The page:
The preteen years are generally from age nine through twelve. During this stage, children usually experience the onset of puberty. It's a precarious time because they are not a young child but not yet a teenager. Preteens develop an increased desire for independence and become more outspoken. They become more interested in activities outside of their family and may want to spend more time at school activities and socializing with friends.
Q. When will my daughter begin puberty and what are the first signs?
A. Girls can begin puberty as early as age eight and as late as thirteen. The first sign of puberty is the development of breast buds, which are little lumps that form under the nipple of each breast. The breasts will soon continue to grow and may feel sore at times. Two to three years after developing breast buds, girls will begin menstruating. (In the USA, the average age is twelve.) It's important to emphasize to your daughter that these physical changes are a normal part of growing up.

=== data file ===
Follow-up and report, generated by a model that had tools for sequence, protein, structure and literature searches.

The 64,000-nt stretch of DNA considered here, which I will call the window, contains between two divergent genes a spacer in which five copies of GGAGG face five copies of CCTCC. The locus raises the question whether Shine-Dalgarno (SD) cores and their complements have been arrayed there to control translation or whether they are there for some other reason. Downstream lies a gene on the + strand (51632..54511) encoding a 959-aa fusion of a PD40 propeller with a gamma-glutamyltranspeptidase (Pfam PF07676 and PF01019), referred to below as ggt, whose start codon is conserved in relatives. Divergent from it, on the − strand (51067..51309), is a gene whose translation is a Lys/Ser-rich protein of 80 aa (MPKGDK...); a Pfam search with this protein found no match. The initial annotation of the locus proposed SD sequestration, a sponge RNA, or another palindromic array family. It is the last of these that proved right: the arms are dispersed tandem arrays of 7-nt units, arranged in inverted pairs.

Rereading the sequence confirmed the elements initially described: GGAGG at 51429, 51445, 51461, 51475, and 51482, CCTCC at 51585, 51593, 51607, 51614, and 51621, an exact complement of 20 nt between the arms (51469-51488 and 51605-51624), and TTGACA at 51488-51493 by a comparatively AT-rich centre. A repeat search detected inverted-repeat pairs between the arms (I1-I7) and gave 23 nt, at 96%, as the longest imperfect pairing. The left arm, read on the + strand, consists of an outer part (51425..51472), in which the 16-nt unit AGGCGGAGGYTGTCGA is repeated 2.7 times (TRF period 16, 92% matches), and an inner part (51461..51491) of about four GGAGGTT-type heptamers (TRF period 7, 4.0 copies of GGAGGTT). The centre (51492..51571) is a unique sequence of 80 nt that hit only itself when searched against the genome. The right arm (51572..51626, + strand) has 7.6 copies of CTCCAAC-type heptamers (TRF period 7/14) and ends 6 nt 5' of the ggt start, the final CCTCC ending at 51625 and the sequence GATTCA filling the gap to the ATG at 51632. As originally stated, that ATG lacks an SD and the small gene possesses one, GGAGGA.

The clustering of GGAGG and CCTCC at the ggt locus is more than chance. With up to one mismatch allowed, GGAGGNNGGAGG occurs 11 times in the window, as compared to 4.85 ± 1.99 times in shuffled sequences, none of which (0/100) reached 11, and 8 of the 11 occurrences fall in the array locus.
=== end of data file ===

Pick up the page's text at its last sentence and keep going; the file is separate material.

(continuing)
Q. What is the HPV vaccine and is it important to get?
A. HPV stands for human papillomavirus, a sexually transmitted virus that can affect teens and adults. HPV can cause cancer in both women and men. For women, it may lead to cervical cancer; for men, it can lead to penile cancer. The virus can also cause genital warts and can be a risk factor for other cancers, including throat cancer.
The American Academy of Pediatrics recommends that the HPV vaccine be administered at ages eleven or twelve to protect preteens from exposure to the virus. (It can be given as early as nine, but discuss the timing with your pediatrician.) Two doses are necessary, which can be given six to twelve months apart. If the first HPV dose is given after age fifteen, three doses are required. Studies have shown that the vaccine is more effective when given earlier.
Q. My eleven-year-old seems to want more privacy. Is this normal?
A. Yes. Preteens need and want their personal space and will crave more privacy. It will ultimately help them on their journey to independence. As a parent, you may be used to being in control of every part of your child’s life. However, giving them a reasonable amount of freedom helps preteens gain the skills needed to become successful adults. The only caveat to this would be extreme silence from your child or lack of all communication. If this is happening, seek guidance from your doctor.